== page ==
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When you buy a new mandolin, you may think you’re stuck with that instrument’s sound for the rest of its life.
But there’s another factor to consider, which can be almost as important to the sound as the instrument itself: the strings.
Do you want your mandolin to have a bright tone quality, or do you want it to have a rich, mellow sound? How important is it for the mandolin to be easy to play and smooth on your fingers?
Answering these questions and considering the differences between the best mandolin string brands will help you pick out the best strings to complement your mandolin.
- 1 Our Top Picks For The Best Mandolin Strings
- 2 What to Look for When Buying Mandolin Strings
- 2.1 How many strings does a mandolin have?
- 2.2 What are the mandolin’s strings tuned to?
- 2.3 Are mandolin strings the same as guitar strings?
- 2.4 What gauge of strings should I choose?
- 2.5 What kind of metal should the strings be made from?
- 2.6 Coated vs. Uncoated Strings
- 2.7 Roundwound vs. Flatwound Strings
- 2.8 Conclusion
- 3 The Best Mandolin Strings: Reviews
- 4 Conclusion
Our Top Picks For The Best Mandolin Strings
What to Look for When Buying Mandolin Strings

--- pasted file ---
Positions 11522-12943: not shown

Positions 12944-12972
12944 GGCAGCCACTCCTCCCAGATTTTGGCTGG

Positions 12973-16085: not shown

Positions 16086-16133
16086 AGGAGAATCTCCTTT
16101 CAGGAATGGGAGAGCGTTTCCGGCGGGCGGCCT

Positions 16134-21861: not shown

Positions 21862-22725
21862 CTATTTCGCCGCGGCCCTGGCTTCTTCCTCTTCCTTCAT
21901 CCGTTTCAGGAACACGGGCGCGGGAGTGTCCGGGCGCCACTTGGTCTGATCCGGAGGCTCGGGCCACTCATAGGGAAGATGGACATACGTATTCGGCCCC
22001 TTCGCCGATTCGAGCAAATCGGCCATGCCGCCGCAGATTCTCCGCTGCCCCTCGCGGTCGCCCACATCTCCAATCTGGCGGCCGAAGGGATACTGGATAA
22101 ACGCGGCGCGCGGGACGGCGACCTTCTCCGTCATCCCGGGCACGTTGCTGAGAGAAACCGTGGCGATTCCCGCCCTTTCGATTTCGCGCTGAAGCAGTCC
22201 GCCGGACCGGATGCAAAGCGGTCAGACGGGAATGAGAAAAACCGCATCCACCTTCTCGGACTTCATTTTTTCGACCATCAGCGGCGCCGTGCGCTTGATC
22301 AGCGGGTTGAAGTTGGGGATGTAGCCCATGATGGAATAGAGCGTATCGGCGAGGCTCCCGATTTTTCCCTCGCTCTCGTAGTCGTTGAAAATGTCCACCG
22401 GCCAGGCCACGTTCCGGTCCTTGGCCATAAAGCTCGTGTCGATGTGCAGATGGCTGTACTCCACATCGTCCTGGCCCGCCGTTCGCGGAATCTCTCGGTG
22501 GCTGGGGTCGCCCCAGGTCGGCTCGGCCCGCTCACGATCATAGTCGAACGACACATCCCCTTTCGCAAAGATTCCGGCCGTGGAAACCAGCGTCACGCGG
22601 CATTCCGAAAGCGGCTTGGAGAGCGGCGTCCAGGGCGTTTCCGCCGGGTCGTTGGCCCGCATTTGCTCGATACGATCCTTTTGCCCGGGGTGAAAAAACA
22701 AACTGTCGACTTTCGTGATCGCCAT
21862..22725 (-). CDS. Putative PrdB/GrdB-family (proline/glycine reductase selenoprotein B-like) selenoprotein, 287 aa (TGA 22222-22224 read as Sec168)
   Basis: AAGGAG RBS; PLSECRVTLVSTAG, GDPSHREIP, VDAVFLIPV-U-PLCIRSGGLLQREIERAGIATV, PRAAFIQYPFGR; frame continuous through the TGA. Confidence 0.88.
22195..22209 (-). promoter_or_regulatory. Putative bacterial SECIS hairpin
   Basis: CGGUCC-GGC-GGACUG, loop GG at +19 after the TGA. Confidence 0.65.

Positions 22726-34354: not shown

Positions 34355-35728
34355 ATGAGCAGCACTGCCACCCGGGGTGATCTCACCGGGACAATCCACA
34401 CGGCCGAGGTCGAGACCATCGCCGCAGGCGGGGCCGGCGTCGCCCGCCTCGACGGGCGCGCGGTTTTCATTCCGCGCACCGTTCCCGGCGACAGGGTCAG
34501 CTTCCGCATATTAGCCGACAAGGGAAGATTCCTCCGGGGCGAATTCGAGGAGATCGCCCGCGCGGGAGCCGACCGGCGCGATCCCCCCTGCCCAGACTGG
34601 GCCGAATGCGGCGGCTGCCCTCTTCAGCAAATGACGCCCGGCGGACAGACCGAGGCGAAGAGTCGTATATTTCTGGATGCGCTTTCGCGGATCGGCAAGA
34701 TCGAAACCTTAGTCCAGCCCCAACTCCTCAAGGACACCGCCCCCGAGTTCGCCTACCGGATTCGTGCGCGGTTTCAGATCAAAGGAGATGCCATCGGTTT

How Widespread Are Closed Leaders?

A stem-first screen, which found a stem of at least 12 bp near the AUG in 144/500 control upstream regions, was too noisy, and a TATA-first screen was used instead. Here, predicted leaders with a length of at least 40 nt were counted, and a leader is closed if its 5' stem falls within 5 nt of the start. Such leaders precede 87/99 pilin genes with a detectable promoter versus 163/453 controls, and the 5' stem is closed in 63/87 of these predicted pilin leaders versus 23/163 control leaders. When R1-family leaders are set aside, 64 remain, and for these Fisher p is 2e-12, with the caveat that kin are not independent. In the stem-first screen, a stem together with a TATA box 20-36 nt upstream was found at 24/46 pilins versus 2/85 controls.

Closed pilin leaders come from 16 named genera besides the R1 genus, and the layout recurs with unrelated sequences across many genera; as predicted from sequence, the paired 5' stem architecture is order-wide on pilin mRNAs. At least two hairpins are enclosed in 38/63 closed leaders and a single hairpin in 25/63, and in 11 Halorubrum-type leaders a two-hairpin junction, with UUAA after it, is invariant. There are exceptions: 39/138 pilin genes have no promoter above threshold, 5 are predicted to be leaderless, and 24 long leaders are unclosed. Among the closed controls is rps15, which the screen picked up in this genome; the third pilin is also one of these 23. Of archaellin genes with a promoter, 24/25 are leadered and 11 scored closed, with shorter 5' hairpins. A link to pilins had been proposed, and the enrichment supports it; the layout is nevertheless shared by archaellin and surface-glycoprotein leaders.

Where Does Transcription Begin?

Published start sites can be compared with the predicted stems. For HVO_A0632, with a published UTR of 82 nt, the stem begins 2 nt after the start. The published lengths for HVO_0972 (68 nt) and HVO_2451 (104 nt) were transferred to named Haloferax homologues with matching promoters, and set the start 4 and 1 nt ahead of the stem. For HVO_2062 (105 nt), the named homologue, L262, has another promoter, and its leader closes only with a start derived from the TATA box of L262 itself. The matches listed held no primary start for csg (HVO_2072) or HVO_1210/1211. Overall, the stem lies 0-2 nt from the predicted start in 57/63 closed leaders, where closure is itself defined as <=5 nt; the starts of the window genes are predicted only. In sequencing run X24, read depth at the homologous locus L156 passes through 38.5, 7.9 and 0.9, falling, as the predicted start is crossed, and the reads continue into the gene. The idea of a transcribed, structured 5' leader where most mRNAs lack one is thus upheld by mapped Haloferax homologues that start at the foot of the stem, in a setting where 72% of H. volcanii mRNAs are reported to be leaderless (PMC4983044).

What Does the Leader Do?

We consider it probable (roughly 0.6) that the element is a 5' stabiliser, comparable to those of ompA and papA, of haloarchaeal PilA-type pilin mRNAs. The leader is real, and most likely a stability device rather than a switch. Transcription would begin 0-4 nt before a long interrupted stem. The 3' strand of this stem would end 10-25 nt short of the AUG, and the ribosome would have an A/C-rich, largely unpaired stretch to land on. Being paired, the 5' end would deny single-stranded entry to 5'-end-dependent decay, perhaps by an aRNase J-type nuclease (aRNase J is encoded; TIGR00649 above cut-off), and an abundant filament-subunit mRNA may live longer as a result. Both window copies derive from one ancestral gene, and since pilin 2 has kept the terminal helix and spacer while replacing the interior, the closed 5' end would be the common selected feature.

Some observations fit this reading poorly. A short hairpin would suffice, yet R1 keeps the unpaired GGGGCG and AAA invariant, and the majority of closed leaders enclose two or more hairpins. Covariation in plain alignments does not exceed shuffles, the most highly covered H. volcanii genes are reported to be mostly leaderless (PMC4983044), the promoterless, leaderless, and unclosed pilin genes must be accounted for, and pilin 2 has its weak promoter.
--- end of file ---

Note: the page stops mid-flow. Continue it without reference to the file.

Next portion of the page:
First, a few of the basics:
How many strings does a mandolin have?
Unlike many other stringed instruments, mandolins have eight strings in pairs of two.
What are the mandolin’s strings tuned to?
Mandolin strings are tuned like the violin, whose four strings are tuned to G-D-A-E.
The only difference is that two strings on the mandolin are tuned the same as each string on the violin. This results in the tuning G-G-D-D-A-A-E-E.
Are mandolin strings the same as guitar strings?
A major difference between mandolin strings and guitar strings is that mandolin strings have a simple loop on the end that wraps around a hook under the mandolin’s tailpiece.
If you play guitar, you might find it difficult to change mandolin strings at first for this reason, but if you are careful you’ll quickly adjust to mandolin-style strings.
In composition, mandolin strings are nearly identical to acoustic guitar strings.
Because the mandolin was a more specialized instrument, however, there used to be far fewer choices when it came to picking the best mandolin strings.